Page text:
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Lebanon army says ready to confront Israeli aggression

General Commander of the Lebanese Armed Forces, Commander General Joseph Aoun [KALS Production/Facebook]

The Lebanese army has expressed its preparedness to confront any Israeli military aggression or infiltration into its borders amid escalating tensions between the two sides.

“The Army is ready on the southern border to face any Israeli military aggression, or any attempt to nibble at areas of the land or maritime borders,” Lebanese Army chief General Joseph Aoun told a group of officers and soldiers on Thursday.

He also said the Lebanese army was determined “to defend Lebanese rights with all its means and capabilities.”

Aoun further stressed that the army’s readiness was parallel with the monitoring and dismantling of terrorist cells in Lebanon.

Read: Three Israeli warplanes breach Lebanese airspace

Israel launched two wars on Lebanon in 2000 and 2006, in both of which the Hezbollah resistance movement inflicted heavy losses on the regime’s military.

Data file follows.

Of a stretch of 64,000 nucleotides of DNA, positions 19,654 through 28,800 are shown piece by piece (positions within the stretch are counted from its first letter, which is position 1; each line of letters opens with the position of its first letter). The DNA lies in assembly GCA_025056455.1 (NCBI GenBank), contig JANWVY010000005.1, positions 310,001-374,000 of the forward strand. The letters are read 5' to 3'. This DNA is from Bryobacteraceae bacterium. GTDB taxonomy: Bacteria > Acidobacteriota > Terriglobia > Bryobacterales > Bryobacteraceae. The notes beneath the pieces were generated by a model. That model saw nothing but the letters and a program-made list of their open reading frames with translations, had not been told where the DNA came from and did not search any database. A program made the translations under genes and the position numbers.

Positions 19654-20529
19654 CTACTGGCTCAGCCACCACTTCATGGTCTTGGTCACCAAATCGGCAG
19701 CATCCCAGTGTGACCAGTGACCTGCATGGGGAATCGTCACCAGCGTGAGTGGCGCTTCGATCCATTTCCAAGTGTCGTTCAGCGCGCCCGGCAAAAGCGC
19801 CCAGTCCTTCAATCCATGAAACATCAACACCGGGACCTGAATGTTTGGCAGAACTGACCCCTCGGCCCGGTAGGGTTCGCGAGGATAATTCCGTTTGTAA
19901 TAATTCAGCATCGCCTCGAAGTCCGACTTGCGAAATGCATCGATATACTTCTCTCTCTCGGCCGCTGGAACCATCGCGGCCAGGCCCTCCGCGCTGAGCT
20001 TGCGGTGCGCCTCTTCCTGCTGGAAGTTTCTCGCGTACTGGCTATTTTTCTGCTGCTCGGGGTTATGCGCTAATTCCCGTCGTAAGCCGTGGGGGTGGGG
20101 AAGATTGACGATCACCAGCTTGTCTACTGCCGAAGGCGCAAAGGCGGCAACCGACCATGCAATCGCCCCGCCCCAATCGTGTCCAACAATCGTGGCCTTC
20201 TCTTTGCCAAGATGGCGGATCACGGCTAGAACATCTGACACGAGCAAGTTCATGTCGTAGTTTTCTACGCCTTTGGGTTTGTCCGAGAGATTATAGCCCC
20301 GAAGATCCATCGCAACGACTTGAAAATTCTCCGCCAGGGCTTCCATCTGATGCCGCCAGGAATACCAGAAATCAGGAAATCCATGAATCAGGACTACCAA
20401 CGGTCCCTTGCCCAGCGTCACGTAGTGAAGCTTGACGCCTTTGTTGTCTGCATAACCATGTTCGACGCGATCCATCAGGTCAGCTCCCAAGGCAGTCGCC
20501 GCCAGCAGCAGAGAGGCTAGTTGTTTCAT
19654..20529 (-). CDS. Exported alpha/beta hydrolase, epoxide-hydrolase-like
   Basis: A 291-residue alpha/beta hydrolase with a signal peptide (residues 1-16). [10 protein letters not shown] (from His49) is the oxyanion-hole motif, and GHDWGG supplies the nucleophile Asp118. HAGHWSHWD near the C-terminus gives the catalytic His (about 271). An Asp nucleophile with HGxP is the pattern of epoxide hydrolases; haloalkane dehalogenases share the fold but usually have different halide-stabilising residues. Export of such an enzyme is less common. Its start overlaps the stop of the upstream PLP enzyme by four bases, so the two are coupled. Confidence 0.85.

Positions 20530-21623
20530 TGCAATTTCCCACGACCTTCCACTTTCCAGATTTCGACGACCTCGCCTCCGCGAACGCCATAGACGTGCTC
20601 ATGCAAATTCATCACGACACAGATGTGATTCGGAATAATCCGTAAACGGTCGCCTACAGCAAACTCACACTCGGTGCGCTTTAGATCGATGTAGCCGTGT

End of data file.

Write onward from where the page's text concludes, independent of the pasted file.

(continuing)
Israeli forces regularly violate Lebanon’s sovereignty and target Lebanese patrol soldiers. Israeli officials have even threatened another war on Lebanon.

Earlier this week, Lebanese President Michel Aoun censured Israel’s repeated violations of the Arab country’s sovereignty, saying Beirut is prepared to counter any potential threat from the Tel Aviv regime.

Late January, Israeli minister of military affairs Avigdor Lieberman said that Israeli troops may have to operate deep in the Lebanese territory and maneuver on the ground on the battlefield if a war breaks out.

Read: Lebanon rejects US proposal on maritime borders with Israel

“We must prepare for maneuvering on the ground too, even if we do not use it,” he said.

Additionally, Lebanon and Israel have nearly come to blows over a tender by Beirut for oil and gas exploration projects in two of the country’s 10 offshore blocks in the Mediterranean Sea, namely, Block 4 and Block 9.

Lieberman described Lebanon’s offshore oil and gas licensing process as “very provocative” and urged international firms not to bid.

Lebanese Prime Minister Saad al-Hariri said Lieberman’s comments were one of several “threatening messages” from Israel.

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